Until Ghana Business News broke a story about Ghana having bought Israeli tech company, NSO’s dangerous Pegasus equipment, most Ghanaians were unaware, despite a court case involving former government officials. The case was focused on the purchase of the equipment and nothing about its usage.
During the entire trial that lasted a couple of years, there has never been any public admittance that the software had been obtained and used in Ghana. Officials insisted that they only acquired the hardware and didn’t obtain the software, Pegasus, classified as a weapon and can only be sold by the Israeli company with the approval of Israel’s Defence Ministry.
Some of the officials were found guilty among others of causing financial loss to the state and jailed.
Some eight years ago, tech researchers at Citizen Lab, a group focused on the intersection of technology and information security found that a malware called Pegasus, which was bought from an Israeli company called NSO Group, was used to target journalists and activists in some cases.
According to Citizen Lab, Pegasus is able to jailbreak devices and spy on victims. It is described as the most sophisticated attack seen on any endpoint because it takes advantage of how integrated mobile devices are in people’s lives and the combination of features only available on mobile such as always connected (Wi-Fi, 3G/4G), voice communications, camera, email, messaging, GPS, passwords, and contact lists.
Then on November 25, 2021, Forbidden Stories, an investigative journalism organisation said in a tweet that they have tallied at least 28 more journalists have been hacked, in six countries including Ghana. It was the first time that Ghana was named in any leak or report on the targets of the Pegasus software, effectively opening a can of worms on whether Ghana has the software or not.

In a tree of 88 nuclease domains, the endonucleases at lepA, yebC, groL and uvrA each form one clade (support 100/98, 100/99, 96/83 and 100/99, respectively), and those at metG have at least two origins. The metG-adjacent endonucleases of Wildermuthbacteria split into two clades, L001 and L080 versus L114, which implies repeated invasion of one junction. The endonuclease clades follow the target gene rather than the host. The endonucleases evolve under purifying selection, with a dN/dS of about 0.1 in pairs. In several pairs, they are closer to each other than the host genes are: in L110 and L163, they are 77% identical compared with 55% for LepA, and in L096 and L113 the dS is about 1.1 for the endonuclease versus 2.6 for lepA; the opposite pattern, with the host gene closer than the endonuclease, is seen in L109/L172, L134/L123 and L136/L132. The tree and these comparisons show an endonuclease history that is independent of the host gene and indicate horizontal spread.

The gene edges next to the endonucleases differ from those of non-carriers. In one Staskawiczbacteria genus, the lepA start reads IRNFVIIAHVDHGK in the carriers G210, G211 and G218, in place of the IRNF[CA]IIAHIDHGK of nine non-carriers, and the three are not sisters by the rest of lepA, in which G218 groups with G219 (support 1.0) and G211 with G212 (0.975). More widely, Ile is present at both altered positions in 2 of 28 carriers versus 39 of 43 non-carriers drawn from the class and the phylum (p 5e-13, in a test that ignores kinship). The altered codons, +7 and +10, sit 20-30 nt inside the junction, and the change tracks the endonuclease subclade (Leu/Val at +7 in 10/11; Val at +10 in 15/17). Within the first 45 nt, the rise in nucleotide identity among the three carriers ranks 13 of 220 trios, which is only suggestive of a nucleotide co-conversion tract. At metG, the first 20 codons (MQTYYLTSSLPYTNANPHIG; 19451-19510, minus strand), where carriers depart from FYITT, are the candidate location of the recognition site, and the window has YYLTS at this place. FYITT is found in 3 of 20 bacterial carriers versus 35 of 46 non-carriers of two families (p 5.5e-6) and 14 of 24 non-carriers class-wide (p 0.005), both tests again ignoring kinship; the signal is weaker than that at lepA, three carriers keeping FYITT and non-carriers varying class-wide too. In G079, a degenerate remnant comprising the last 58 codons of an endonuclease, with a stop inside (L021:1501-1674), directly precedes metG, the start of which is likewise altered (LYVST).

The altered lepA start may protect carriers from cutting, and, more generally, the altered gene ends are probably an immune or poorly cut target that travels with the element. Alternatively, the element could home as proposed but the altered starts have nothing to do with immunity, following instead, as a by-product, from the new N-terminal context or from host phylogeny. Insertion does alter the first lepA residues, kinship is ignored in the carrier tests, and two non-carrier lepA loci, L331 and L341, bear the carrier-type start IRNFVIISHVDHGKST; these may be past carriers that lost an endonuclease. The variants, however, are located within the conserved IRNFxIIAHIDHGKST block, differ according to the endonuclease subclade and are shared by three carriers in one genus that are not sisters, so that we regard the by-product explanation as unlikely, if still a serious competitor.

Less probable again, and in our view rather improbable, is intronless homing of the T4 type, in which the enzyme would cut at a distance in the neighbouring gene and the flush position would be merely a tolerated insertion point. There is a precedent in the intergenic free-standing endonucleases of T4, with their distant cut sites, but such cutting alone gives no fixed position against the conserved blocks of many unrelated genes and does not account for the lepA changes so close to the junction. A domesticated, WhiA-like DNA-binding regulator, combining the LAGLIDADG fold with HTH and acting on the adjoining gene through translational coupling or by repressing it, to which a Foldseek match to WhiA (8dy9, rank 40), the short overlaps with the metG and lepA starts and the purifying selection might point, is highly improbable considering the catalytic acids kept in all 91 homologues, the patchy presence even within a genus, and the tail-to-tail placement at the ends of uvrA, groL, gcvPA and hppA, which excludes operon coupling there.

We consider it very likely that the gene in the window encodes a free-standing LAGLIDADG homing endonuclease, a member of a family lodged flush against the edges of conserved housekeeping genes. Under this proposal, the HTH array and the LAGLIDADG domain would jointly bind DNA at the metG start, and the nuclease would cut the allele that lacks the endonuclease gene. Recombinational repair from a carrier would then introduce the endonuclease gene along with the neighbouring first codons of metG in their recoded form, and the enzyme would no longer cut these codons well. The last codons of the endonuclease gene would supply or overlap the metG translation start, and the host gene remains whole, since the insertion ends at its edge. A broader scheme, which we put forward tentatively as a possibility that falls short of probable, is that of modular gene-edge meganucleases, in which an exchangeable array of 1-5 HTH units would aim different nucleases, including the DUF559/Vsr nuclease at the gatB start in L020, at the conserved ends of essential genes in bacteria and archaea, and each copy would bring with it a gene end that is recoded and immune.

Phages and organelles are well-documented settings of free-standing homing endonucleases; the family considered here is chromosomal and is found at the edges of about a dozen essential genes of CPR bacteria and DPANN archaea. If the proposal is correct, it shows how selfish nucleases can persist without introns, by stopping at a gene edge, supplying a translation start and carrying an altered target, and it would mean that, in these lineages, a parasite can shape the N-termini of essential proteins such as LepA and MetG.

The tweet was in response to a lawsuit filed by Apple against NSO Group and its parent company, OSY Technologies. Earlier in July Forbidden Stories had done another investigation exposing how the dangerous software had been used in some countries around the world targeting political opponents, activists and journalists. The Pegasus software was used by the Saudi authorities to track and monitor murdered journalist Jamal Khashoggi.
Then last week, Israeli news organisations Haaretz and Hamakor, a TV station (Channel 13) published extensive reports detailing how NSO staff travelled to Ghana and trained officials on the use of the software. They published footages and documents showing far more than has been known to the public since the story of Ghana buying Pegasus emerged.
Going back to the Forbidden Stories investigation, the list of targets from six countries, El Salvador, Lebanon, Bahrain, Uganda, South Africa and Ghana, contained the phone numbers of 28 journalists. It is now known that the list includes three Ghanaians connected to the opposition National Democratic Congress (NDC) – they are Stanislav Dogbe, an aide to former President John Mahama, David Tamakloe, editor of the online publication Whatsup news and a known sympathiser of the NDC, and the son of the General Secretary of the NDC, Kweku Asiedu-Nketia.
Ghana Business News has spoken to all three and they have confirmed receiving the alert from Apple.
In a telephone interview with Ghana Business News, to clarify why he thought he would be a target, the junior Asiedu-Nketia said even though he isn’t actively involved in frontline politics, he manages his father’s campaign activities behind the scenes and he also manages his father’s businesses.
The individuals found in the leak for which Apple has sued NSO Group and its parent company, OSY Technologies, are users of the iPhone handset. Apple has sent alerts to these individuals informing them of a potential attack on their phones that could potential be coming from the state.
The three individuals received this alert.
Even though Ghana has been touted and very often showcased as one of West Africa’s most successful democracies, government after government has been opaque. The administration of the country lacks transparency, and despite a Right to Information Law, most public offices refuse to give out information.
By Emmanuel K. Dogbevi
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